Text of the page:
Student loan waiver: Payment pause extended to June 2023

The student loan payment pause was scheduled to expire on Jan. 1, a date Biden set before his debt-payment plan stalled in the face of legal challenges.

WASHINGTON — President Joe Biden announced Tuesday that his administration would extend a pause in federal student loan payments while the White House fights a lawsuit to austerity his plan to cancel parts of the debt.

“It’s not fair to ask tens of millions of borrowers who are eligible for relief to resume their student debt payments while the courts review the lawsuit,” Biden said in a video posted to Twitter.

The moratorium was scheduled to expire on Jan. 1, a date Biden set before his debt relief plan stalled amid legal challenges from conservative opponents.

Now it is extended to 60 days after the dispute is settled. If the lawsuit is not resolved by June 30, payments would resume 60 days after that.

Biden’s plan promises $10,000 in debt relief for students earning less than $125,000 or households earning less than $250,000. Pell Grant recipients, who typically demonstrate greater financial need, are eligible for an additional $10,000 relief.

More than 26 million people have already applied for the relief, but the Ministry of Education grants 16 million stopped processing applications this month according to a federal judge in Texas scrapped the plan.

The Justice Department last week asked the Supreme Court to review the issue and reintroduce Biden’s debt relief plan. By extending the pause, the administration is giving the court an opportunity to resolve the case during its current term.

“I am absolutely confident that my plan is legal,” Biden said Tuesday.

Biden announced the decision a day after more than 200 stakeholders urged him to extend the pause, warning that starting payments in January would cause “financial disaster” for millions of borrowers.

The White House has argued in court that Americans continue to feel the financial stress of the pandemic. Without Biden’s deletion plan, they say, the number of people defaulting on student loans could soar to historic levels.

The greatest risk is for about 18 million borrowers who have been told their entire loan balance would be forfeited. Even if payments resume, those borrowers could think they’re in the know and ignore the bills, the Department of Education has warned.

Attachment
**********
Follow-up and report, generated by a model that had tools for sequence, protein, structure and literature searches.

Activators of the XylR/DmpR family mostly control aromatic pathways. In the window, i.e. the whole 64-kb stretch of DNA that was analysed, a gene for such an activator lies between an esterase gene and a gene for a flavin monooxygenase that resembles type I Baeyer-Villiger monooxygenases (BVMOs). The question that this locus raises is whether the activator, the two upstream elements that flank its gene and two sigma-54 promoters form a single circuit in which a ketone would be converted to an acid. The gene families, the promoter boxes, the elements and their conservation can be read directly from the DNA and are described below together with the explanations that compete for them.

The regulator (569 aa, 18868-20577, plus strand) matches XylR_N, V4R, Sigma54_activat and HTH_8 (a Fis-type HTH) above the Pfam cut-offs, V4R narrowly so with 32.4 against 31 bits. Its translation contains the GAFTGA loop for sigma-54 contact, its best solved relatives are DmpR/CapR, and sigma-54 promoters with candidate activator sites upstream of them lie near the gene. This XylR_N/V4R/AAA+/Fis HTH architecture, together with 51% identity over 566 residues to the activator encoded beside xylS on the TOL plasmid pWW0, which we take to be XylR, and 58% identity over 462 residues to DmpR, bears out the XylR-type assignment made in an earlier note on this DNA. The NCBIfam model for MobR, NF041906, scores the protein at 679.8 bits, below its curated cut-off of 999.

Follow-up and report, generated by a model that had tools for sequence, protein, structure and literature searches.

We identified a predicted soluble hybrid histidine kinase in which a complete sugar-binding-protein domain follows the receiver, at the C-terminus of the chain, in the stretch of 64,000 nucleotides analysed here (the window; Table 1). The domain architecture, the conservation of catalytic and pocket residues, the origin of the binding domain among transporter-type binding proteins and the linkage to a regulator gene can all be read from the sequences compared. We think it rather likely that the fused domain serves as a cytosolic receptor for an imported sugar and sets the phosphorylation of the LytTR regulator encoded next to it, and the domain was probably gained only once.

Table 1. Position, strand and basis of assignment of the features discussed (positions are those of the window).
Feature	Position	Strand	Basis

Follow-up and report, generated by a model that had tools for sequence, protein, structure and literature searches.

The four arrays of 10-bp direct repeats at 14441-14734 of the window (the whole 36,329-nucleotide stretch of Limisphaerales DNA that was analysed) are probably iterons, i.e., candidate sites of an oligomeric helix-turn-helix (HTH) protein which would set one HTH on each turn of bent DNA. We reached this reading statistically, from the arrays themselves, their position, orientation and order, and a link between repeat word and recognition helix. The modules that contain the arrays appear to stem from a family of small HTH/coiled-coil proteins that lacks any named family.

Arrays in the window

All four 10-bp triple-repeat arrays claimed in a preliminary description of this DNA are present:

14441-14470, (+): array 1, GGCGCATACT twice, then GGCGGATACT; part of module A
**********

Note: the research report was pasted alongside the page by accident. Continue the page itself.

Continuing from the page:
At the same time, the White House is warning that extending the suspension of payments will cost billions of dollars in lost revenue every month. The moratorium has already cost the government more than $100 billion in lost payments and interest, according to the General Accountability Office.

The Biden administration did not address the cost in its announcement, instead blaming Republicans who questioned the plan.

“Unscrupulous efforts to block student debt relief in courts have created tremendous financial uncertainty for millions of borrowers who are unable to set their family budgets or even plan for the holidays without a clear picture of their student debt obligations,” Education Minister Miguel Cardona said .

“It’s just wrong,” he added.

Critics including the Federal Budget Responsibility Committee have opposed a further extension because it could worsen inflation and increase the risk of an economic recession.

But supporters of Biden’s plan welcomed the action, saying it offers working-class Americans a cushion.

“This extension means struggling borrowers can keep food on their tables throughout the holiday season — and months ahead — as the administration does everything in its power to deter the baseless and backward attacks on working families with student debt,” he said he Mike Pierce, executive director of the Student Borrower Protection Center.

The legitimacy of broad student debt relief was being questioned even before Biden took office. Proponents say the federal law already gives the Department of Education great flexibility in canceling student loans, while opponents argue that only Congress has the authority to cancel debt of this magnitude.

In announcing its plan, the Biden administration invoked the HEROES Act of 2003, a post-September. November 2001 law intended to help members of the military. The Justice Department says the law provides sweeping authority to forgive student debt during a national emergency. Biden said the relief was needed to help Americans recover from the pandemic.

A federal judge in Texas this month refuted that reasoning, saying Biden had exceeded his powers. The HEROES Act “does not give the Executive Branch clear congressional authorization to create a $400 billion student loan forgiveness program,” wrote District Court Judge Mark Pittman, who was appointed by former President Donald Trump.

The Justice Department is asking a New Orleans appeals court to stay Pittman’s order while the administration appeals. It separately asks the Supreme Court to overrule a federal court in St. Louis stopped Biden’s plan in response to a lawsuit filed by six Republican-led states. Student loan waiver: Payment pause extended to June 2023

Laura Coffey

World Time Todays is an automatic aggregator of the all world’s media. In each content, the hyperlink to the primary source is specified. All trademarks belong to their rightful owners, all materials to their authors. If you are the owner of the content and do not want us to publish your materials, please contact us by email – The content will be deleted within 24 hours.

Related Articles

Back to top button